India gave out a record 8.3mn vaccine doses yesterday under a federal campaign to inoculate all adults for free after weeks of criticism that a chaotic rollout had worsened a second wave that killed hundreds of thousands.
Earlier this month, Prime Minister Narendra Modi said the government would buy 75% of all vaccines from drug makers and distribute them for free to states, which along with private hospitals had earlier been buying shots for people aged 18-45.
India’s previous record of 4.5mn doses was on April 5, followed by a sharp decline with average daily inoculation falling below 3mn.
“Today’s record-breaking vaccination numbers are gladdening. The vaccine remains our strongest weapon to fight Covid-19,” Modi wrote in a tweet, and thanked the front-line workers who enabled citizens to get vaccinated.
Experts have said India needs to administer 10mn doses a day to achieve its aim of inoculating 950mn adults by December.
So far, India has fully vaccinated fewer than 5% with two doses.
“If supply remains consistent, we will be on course to inoculate most of our population by the end of the year, D N Patil, a senior health official in the country’s richest state of Maharashtra, said.
Maharashtra has a population of more than 125mn.
Earlier this month, the government said India could have as many as 10mn doses of Covid-19 vaccines available per day in July and August.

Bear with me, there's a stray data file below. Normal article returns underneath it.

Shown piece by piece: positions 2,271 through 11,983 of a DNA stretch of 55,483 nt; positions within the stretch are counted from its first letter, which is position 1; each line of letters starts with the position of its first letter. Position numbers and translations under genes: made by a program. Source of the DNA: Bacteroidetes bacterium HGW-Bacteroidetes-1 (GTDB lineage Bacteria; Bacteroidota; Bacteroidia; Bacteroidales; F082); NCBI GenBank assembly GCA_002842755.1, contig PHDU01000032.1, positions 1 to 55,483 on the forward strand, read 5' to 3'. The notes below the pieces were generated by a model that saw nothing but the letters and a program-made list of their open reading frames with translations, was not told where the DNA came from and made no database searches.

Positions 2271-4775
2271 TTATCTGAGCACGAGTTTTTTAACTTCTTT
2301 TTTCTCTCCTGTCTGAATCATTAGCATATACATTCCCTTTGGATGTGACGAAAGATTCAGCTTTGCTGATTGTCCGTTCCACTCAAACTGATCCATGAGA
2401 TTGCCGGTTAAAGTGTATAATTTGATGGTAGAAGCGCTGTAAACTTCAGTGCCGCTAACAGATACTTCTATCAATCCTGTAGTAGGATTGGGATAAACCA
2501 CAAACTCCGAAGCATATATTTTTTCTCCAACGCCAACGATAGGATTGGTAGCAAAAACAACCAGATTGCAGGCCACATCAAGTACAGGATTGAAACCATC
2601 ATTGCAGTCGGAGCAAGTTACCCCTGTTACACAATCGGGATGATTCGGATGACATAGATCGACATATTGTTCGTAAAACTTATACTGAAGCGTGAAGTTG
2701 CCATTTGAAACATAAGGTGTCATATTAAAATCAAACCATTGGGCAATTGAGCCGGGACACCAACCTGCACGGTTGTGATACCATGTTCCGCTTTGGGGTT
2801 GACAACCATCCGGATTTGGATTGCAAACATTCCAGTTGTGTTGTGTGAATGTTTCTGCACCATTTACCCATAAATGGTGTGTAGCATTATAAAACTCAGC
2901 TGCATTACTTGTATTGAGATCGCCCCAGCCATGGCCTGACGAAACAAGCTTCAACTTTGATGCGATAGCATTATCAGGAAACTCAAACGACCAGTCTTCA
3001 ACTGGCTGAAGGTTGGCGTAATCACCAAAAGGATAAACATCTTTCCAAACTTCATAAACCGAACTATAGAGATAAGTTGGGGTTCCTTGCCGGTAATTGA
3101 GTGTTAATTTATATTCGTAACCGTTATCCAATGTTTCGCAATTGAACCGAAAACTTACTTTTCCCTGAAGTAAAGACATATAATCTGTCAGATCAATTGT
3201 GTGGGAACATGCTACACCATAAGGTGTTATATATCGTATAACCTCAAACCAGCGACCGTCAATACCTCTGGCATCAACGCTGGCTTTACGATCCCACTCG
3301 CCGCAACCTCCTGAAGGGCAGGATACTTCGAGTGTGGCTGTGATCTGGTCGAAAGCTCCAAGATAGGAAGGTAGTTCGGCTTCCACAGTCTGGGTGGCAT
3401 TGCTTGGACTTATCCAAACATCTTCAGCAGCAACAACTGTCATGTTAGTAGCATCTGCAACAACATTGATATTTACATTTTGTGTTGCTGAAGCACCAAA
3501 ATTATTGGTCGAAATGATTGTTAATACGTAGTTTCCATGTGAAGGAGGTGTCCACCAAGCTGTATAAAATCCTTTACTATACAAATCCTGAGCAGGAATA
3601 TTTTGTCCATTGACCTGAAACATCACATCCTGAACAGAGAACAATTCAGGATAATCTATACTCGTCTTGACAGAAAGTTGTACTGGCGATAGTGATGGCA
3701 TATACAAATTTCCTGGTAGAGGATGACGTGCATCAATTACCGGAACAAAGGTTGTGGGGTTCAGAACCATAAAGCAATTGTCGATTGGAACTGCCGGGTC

Government adviser Vinod Kumar Paul yesterday said administering 10mn shots per day was not a “set goal”.
“As the ramping up takes place, speed of implementation should also ramp up and that would lead to a certain number,” Paul said in an interview with CNBC-TV18 channel.
“There is a demonstration by the system of how much can be done on a given day, at least this is something that should become obvious by the end of the day.”
The country is using domestically made doses of the AstraZeneca vaccine and Indian company Bharat Biotech’s Covaxin.
The government is attempting to secure foreign vaccines such as Pfizer’s and has waived strict rules to allow quicker imports.
Over the last 24 hours, India reported 53,256 new cases, the lowest since March 24.
Infections hit a peak of about 400,000 a day in May and deaths soared to around 170,000 in April-May.
With an overall case load of 29.9mn, India ranks second-highest globally behind the US.
Since May, widespread vaccine shortages have worsened the divide between urban and rural areas, as many younger city-dwellers turned to private hospitals, paying between $9 and $24 a dose.
“It marks the beginning of the end of adversities related to Covid-19 in the country,” Giridhara Babu, a member of the Indian Council of Medical Research, the country’s main health research agency, said.
Experts warn that millions remain vulnerable to infection, particularly in the countryside where two-thirds of the population lives.
And a swift reopening of cities could complicate mass immunisation efforts.
“Today’s record-breaking vaccination numbers are gladdening. The vaccine remains our strongest weapon to fight Covid-19”
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